SPHINX (Mohammed et al., 2011),[14] another binning algorithm developed by the Innovation Labs of Tata Consultancy Services (TCS) Ltd., adopts a hybrid strategy that achieves high binning efficiency by utilizing the principles of both 'composition'- and 'alignment'-based binning algorithms. The approach was designed with the objective of analyzing metagenomic datasets as rapidly as composition-based approaches, but nevertheless with the accuracy and specificity of alignment-based algorithms. SPHINX was observed to classify metagenomic sequences as rapidly as composition-based algorithms. In addition, the binning efficiency (in terms of accuracy and specificity of assignments) of SPHINX was observed to be comparable with results obtained using alignment-based algorithms.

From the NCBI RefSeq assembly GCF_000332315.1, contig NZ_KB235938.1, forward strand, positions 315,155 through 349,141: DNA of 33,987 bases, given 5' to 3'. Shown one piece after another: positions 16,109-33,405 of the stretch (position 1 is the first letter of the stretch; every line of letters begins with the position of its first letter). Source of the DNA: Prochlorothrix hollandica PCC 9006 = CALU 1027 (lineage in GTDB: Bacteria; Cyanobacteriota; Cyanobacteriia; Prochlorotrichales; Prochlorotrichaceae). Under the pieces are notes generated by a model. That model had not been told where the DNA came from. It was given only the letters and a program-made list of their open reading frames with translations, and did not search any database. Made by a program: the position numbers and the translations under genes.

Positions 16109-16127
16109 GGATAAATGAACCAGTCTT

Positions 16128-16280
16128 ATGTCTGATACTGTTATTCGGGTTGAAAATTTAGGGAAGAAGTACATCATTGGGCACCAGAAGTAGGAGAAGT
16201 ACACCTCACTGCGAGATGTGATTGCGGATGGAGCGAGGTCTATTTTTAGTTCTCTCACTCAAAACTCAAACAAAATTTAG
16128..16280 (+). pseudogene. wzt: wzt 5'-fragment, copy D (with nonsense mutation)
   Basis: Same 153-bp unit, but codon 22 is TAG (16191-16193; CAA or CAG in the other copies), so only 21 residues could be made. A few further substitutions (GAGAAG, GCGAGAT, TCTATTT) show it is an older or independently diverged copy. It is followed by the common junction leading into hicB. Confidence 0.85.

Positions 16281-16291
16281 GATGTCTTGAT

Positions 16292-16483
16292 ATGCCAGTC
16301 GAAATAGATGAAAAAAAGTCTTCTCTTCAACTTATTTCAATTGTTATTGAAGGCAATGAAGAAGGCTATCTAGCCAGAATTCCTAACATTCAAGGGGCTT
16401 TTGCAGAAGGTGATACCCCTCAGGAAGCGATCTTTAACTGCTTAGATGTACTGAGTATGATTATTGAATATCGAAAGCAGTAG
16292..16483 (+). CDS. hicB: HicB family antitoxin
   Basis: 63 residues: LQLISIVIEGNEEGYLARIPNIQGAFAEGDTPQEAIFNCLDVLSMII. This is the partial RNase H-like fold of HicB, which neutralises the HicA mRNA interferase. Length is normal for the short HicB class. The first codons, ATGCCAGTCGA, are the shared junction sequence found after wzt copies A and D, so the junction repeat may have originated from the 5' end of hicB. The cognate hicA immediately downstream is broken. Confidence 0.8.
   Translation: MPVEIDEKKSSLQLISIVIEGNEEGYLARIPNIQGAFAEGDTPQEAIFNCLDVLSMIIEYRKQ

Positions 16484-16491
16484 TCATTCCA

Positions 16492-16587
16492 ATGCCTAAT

INDUS[16] and TWARIT[17][edit]

Represent other composition-based binning algorithms developed by the Innovation Labs of Tata Consultancy Services (TCS) Ltd. These algorithms utilize a range of oligonucleotide compositional (as well as statistical) parameters to improve binning time while maintaining the accuracy and specificity of taxonomic assignments.

Other algorithms[edit]

This list is not exhaustive:

  • TACOA (Diaz et al., 2009)
  • Parallel-META (Su et al., 2011)
  • PhyloPythiaS (Patil et al., 2011)
  • RITA (MacDonald et al., 2012)[18]
  • BiMeta (Le et al., 2015) [19]
  • MetaPhlAn (Segata et al., 2012)[20]
  • SeMeta (Le et al., 2016) [21]
  • Quikr (Koslicki et al., 2013)[22]
  • Taxoner (Pongor et al., 2014)[23]

All these algorithms employ different schemes for binning sequences, such as hierarchical classification, and operate in either a supervised or unsupervised manner. These algorithms provide a global view of how diverse the samples are, and can potentially connect community composition and function in metagenomes.